ONLINE betting exchange Betfair Australia has been ordered to repay $150,000 to a problem gambler after a landmark court verdict deemed the company failed to identify his “red-flag” betting behaviour.
The heavy-spending customer in February of this year attempted to withdraw $150,000 from his Betfair account, but a few hours later in a “desperate mindset” after losing a total of $190,000, the gambler requested a cancellation of the transaction.
After a series of phone calls, Betfair agreed to approve a reversal of $145,000 as a “one-off”, which the punter proceeded to gamble and lose on bets placed through Betfair that same day.
Betfair left $5000 in his bank account, which he gambled and lost the following day.
Canceling withdrawals is nothing new in the online bookmaking world however, with most companies offering a one-click service to cancel any pending withdrawal.
The gambler, who is not identified in legal documents, took his case against Betfair to its regulator in the Northern Territory – the jurisdiction where most of the Australia’s online gambling companies hold their operating licences.
In delivering its decision, the NT racing commission said it had considered the key question of whether Betfair should have identified certain “red-flag behaviours” that indicated the customer was a potential problem gambler.
The red-flag behaviours, according to the commission, include gambling for extended periods of time, changes in betting patterns, increases in deposit frequency and increases in sums of money deposited.
The commission noted that Betfair was aware that the gambler had previously self-excluded himself temporarily from using the site.
He had also substantially increased his deposits over the two months immediately prior, the commission found. In 2016, his deposits came to $22,000, and in 2017, they were $47,000. But in the first two months of 2018, he deposited $380,000, the commission found.
“There is evidence that Betfair should have reasonably seen some red-flag behaviours,” the commission said.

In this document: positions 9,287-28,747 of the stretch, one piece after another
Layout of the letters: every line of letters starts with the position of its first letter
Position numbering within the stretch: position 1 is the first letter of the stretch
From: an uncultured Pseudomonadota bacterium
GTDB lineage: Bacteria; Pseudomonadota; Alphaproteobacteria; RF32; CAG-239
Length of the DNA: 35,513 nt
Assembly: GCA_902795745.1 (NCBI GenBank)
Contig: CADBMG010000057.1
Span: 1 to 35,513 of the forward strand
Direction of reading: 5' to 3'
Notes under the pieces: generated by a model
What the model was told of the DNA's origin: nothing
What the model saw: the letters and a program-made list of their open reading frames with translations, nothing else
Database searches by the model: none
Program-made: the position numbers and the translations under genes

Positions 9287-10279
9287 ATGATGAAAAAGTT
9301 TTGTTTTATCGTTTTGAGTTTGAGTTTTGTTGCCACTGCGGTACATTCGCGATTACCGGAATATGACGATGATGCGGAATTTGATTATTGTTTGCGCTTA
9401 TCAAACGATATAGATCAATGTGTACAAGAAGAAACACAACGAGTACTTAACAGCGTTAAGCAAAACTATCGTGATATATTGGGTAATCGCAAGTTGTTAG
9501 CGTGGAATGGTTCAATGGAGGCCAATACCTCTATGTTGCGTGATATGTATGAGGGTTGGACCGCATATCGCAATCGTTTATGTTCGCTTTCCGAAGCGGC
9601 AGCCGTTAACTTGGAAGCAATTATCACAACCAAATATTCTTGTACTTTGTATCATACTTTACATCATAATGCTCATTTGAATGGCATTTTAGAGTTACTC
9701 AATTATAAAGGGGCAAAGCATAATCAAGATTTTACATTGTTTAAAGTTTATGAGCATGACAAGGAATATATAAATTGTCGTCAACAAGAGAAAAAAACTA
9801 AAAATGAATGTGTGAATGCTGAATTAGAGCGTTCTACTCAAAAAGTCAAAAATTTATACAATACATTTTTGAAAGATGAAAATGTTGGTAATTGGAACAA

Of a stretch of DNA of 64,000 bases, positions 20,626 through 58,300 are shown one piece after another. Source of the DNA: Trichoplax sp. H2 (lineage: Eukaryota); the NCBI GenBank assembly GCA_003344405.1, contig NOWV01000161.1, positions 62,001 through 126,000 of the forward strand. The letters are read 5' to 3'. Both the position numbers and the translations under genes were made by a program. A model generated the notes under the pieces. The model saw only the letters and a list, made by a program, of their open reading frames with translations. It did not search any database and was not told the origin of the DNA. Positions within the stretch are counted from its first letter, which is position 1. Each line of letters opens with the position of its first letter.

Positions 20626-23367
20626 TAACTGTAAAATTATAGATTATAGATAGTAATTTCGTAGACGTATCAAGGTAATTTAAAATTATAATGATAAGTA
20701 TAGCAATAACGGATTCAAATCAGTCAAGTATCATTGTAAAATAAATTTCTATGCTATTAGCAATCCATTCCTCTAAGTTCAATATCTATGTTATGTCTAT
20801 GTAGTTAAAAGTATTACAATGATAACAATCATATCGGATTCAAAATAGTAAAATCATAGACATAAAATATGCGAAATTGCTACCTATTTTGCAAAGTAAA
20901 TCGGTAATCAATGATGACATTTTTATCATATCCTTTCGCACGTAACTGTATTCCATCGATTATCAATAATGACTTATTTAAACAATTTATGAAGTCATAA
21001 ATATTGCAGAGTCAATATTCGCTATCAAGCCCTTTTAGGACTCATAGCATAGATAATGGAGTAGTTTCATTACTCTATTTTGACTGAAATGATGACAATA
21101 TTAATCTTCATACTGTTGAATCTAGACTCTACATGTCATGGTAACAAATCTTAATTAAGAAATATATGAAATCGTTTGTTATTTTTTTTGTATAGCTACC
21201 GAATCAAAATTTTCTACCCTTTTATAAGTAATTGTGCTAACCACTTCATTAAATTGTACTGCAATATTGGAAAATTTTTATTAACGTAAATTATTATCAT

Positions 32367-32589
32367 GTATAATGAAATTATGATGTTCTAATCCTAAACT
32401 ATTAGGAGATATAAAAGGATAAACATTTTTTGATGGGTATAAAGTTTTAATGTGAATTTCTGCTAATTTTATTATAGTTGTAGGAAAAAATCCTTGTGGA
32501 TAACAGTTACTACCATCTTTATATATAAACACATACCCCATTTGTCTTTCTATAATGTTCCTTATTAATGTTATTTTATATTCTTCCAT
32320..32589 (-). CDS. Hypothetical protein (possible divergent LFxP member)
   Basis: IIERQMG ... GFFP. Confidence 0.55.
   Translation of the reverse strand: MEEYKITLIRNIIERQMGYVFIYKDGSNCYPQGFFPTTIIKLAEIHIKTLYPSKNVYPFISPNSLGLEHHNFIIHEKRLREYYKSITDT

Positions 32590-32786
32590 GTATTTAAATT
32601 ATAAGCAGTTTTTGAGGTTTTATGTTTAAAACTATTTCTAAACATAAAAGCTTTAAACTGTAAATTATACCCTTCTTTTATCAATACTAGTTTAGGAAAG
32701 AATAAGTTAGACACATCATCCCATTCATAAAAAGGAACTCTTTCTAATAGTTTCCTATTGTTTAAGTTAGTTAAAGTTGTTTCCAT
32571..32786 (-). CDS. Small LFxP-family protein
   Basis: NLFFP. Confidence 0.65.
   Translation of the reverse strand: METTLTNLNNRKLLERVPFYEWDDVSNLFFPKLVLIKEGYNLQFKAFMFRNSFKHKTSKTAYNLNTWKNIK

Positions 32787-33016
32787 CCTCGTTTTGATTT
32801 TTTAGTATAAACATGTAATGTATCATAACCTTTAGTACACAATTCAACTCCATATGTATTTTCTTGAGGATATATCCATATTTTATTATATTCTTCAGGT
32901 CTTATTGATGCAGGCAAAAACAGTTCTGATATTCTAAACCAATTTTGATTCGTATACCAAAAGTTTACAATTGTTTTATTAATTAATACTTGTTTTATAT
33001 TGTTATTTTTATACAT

“It is reasonable in the circumstances, and particularly given full knowledge of the complainant’s previous self-exclusions and time-outs from his account, that a review of all his betting activity up to the time of the request to cancel the withdrawal to be carried out.”
If this had been done, the commission said, it would have been apparent that he had lost more than $190,000 in a single day prior to his request to cancel the transaction.
Gambling-reform campaigners and online wagering industry insiders said the commission’s decision was among the toughest handed down against a digital gambling company in Australia.
“This case is a turning point,” said Lauren Levin, the policy director of Financial Counselling Australia. “It will send a signal to the online gambling industry that it cannot ignore its obligations to stop accepting bets from people who are obviously red-flagged.
“Financial counsellors see gambling harm regularly. We see families destroyed. We see suicides.”
Betfair during the hearing, argued that it could not have reasonably known that the customer had a gambling problem. He had never stated that he had a problem, and there were no “discernible indicators of problem gambling found in [his] activity”, the company said.
Betfair said a customer’s request to reverse a withdrawal was not considered an indicator of problem gambling. The company said it generally did not agree to such requests, but it made an exception in this case due to his “longstanding loyalty” to the company.
Betfair is yet to determine whether it will appeal the decision.
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